Retirement Investing: A Quick Note on National Pension System
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The National Pension System (NPS) is a low-cost, voluntary method of investing for retirement that is regulated by the Pension Fund Regulatory and Development Authority (PFRDA) and the central government. 

It tends to provide cover to employees in the public, private and unorganised sectors, but not the defence forces. 

Generally, NPS offers two accounts: Tier-I and Tier-II. 

Tier-I Account: This remains a non-withdrawable pension account. Withdrawals are allowed only in specific circumstances, which could be related to critical illness or children’s education or marriage, and upon retirement.

Tier-II Account: Being a voluntary savings account, it is possible for a subscriber to withdraw their savings from this account at their discretion. It is to be noted that tax benefits are primarily associated with the Tier-I account, however.

A choice to invest in different asset classes, such as government securities (G-Secs), corporate bonds, and equities, is available to subscribers. As per their risk appetite, it is possible to decide on asset allocation.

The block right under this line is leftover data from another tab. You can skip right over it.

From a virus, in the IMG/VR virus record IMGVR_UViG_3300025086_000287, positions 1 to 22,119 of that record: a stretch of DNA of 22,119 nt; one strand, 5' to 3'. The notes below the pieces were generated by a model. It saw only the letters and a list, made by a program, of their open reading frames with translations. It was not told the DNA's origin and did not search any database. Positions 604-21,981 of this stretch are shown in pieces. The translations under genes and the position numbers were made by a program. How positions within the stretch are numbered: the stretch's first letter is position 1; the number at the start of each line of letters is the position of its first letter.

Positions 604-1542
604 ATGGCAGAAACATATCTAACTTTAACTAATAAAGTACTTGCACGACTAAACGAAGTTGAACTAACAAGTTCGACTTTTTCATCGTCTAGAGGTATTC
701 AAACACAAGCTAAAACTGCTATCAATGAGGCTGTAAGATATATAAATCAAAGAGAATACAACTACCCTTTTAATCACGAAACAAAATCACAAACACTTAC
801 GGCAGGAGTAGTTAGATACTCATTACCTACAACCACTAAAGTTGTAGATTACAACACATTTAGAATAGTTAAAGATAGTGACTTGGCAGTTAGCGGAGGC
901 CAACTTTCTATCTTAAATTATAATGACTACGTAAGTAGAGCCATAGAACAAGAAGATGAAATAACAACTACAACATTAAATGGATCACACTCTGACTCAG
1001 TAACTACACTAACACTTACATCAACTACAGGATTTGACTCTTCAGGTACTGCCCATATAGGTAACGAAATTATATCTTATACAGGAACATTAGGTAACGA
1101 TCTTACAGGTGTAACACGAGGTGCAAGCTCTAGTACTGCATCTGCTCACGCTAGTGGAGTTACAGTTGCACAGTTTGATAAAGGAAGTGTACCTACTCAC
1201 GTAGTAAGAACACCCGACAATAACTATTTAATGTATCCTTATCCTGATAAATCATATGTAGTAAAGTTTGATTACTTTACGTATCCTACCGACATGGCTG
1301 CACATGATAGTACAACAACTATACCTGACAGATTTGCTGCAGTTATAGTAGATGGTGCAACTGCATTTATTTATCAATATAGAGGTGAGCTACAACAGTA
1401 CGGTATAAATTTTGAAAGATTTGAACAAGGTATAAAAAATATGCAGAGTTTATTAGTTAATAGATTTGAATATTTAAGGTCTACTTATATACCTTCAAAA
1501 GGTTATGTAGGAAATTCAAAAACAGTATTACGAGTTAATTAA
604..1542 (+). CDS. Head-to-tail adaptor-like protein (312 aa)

Considering that the scheme provides market-linked returns, there could be variations in the actual pension corpus that a subscriber may accumulate up to retirement age.  Besides, the returns are also linked to the choice of investment scheme under NPS and the fund manager.

In the past 10 years, the average return from NPS, under the equity category, has been more than 13%. Similarly, the average returns in other scheme categories have also been above 9% in 10 years, as per the data on the official site of the NPS Trust.

A systematic withdrawal plan for NPS subscribers is on the anvil, as the pension fund regulator is set to introduce changes in rules, which are likely to be introduced by the end of next quarter. As per this, subscribers who have attained the age of 60 years would have the option to withdraw their accumulated corpus in a staggered manner.

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